Why Does My Dog Chew On Blankets?
A (seemingly) unstoppable nibbling obsession with all the blankets.
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I am obsessed with blankets. Turns out, so is my dog Leo. My blanket obsession began with a passion for textile design, which developed into a habit of buying any blanket, comforter, or quilt that caught my eye. Leo’s blanket habit is related to mine: Whenever I bring home a gorgeous coverlet, he has to chew a gigantic hole right in the middle — as soon as he is left alone with it for more than 20 seconds. While I had trouble with Leo, I’ve also learned a thing or two along the way.
Dealing With Compulsive Blanket Chewing
Sometimes I think fate must have ironically brought Leo and me together or that maybe Leo is saving me from the fate of being crushed under an avalanche of blankets when I open the linen closet. With Leo’s blanket munching, I recognized there were two issues that needed to be addressed. First, Leo could not be left alone with blankets until he learned chewing on them was inappropriate. Secondly, he needed a positive outlet for his chewing, such as a chew toy.
Keeping Leo away from blankets worked for like a week. His tenacity for finding unattended blankets was borderline inspiring. I’d leave the bedroom door open for a minute while I went to grab clothes from the dryer: Gigantic hole in the blanket. I’d take a catnap on the sofa: Down feathers everywhere when I awoke.
Since keeping him away from blankets wasn’t going to happen, I tried taste deterrents like bitter spray misted onto the blankets. Apparently, the only one affected by this was me. Many a nap was rudely ended by a bitter taste. After falling asleep in a blanket cocoon on the sofa (exhausted from watching back-to-back-to-back episodes of Cake Boss), my open mouth would inevitably make contact with the surface of the blanket. It was heinously gross. Meanwhile, Leo would power through the nasty flavor. For my sake, I gave up on the bitter spray.
My plan to redirect Leo’s affection from blankets to toys has been even less successful. Even after taking Leo to dog training, specifically to pique his interest in toys, he drifts after more than 20 seconds unless it is something he can eat (like a bully chew or a Kong toy). I see a future with a morbidly obese dog curled happily on elegant, intact quilts.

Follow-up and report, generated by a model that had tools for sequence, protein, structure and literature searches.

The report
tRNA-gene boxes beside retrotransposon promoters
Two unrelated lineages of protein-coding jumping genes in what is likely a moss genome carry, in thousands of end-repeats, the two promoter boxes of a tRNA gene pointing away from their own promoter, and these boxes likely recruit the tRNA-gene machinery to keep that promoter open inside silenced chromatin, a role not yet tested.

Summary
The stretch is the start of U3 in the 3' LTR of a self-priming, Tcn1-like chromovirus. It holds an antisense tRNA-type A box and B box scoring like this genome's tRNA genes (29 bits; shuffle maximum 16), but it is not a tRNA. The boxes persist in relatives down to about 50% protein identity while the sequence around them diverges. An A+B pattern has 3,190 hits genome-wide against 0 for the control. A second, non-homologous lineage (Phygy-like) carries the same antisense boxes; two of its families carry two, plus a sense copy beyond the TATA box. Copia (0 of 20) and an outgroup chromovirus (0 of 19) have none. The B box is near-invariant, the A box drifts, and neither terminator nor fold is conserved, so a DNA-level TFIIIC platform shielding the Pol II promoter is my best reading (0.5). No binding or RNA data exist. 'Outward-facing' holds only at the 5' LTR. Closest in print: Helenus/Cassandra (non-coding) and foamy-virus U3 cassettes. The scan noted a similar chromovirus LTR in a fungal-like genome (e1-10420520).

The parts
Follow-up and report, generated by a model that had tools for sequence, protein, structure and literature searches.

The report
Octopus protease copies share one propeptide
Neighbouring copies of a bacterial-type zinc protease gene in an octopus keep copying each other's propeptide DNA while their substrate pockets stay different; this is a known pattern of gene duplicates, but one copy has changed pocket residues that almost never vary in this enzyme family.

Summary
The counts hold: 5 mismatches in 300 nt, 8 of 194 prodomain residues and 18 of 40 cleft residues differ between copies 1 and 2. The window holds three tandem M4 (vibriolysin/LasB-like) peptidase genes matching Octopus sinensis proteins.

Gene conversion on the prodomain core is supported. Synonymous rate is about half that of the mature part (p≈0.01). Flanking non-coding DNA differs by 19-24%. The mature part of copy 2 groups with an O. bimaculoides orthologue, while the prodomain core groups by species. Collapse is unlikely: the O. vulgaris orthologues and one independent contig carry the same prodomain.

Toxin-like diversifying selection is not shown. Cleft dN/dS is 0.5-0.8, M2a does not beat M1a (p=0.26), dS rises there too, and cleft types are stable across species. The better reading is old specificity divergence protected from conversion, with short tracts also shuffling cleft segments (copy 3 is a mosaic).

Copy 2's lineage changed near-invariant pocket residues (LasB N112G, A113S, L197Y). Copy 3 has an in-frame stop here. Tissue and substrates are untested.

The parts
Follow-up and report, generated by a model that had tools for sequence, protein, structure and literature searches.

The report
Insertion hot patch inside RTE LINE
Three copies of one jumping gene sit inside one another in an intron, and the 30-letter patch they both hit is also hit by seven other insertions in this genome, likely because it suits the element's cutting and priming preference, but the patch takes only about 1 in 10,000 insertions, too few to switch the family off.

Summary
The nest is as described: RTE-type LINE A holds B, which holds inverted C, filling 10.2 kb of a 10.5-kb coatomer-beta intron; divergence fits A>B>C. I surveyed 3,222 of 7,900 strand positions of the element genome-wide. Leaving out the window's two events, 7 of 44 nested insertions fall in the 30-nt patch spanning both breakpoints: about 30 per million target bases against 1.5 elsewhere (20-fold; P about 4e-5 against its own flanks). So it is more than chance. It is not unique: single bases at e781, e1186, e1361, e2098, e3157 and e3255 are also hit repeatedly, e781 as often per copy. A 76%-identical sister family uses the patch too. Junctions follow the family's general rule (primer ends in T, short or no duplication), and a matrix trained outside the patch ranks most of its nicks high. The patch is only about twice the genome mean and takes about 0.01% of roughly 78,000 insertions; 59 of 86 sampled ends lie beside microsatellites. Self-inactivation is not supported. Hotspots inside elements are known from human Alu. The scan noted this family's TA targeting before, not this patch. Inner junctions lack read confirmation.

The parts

The reality is Leo and I both have issues that need to be dealt with (though I’d like to think that I can curb my blanket-purchasing habit as soon as I can curb Leo’s blanket-eating habit). What next? Do I give Leo one blanket and designate it as his? Do I concede that maybe I won’t have nice blankets ever? Why does he have an obsession with blankets?
Why Do Dogs Chew on Blankets?
Dogs are instinctive chewers that explore the world with their mouths so it is better to give them their own chew toys, blankets, and ropes rather than sacrifice your blankets, bedding, and furniture. “Chewing can help relieve stress and anxiety, keep their teeth clean, and keep their minds stimulated,” says Dr. Lori Teller, a clinical associate professor at the Texas A&M College of Veterinary Medicine. “Puppies also chew to relieve the pain and irritation of teething.” Here are a few reasons why dogs chew:
It feels good
How to Stop Your From Dog Chewing Blankets
Here are some tips that might work to stop your dog from chewing holes in your blankets. When in doubt, if you think the problem might be a medical issue, check in with your vet to make sure everything is okay, especially if the chewing turns into eating.
Exercise, exercise, exercise
Many dogs are prone to chewing or more destructive behaviors because they are bored. Exercise helps! In my case, Leo was already getting plenty of exercise, but it is a crucial starting point for anyone experiencing this problem.
Give them their own blanket
Chewing is a completely normal behavior in dogs, so it can be challenging to train against their nature. One option is to provide the dog a blanket that is theirs and okay to chew (assuming their interest isn’t in eating the blanket). Sure, the blanket will turn into a shredded mess, but it’s their shredded mess.
Just a phase
With some dogs, blanket chewing is an adolescent phase while they are teething; for others, it simply grows into a comforting tool. If your dog is young and still teething, you might find soft toys or stuffies are something that works.
They work, even if it is just for a brief blanket chewing break. No better tool in keeping dogs busy than a stuffed kong. “Remove any toy that has reached the size where it can become a choking hazard or cause an intestinal obstruction,” says Teller. “If your dog chews off large pieces of the toy and swallows them, then that toy should also be taken away.”
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Kate VandenBerghe is the Creative Director and co-founder of Saint Friend in Portland, Oregon.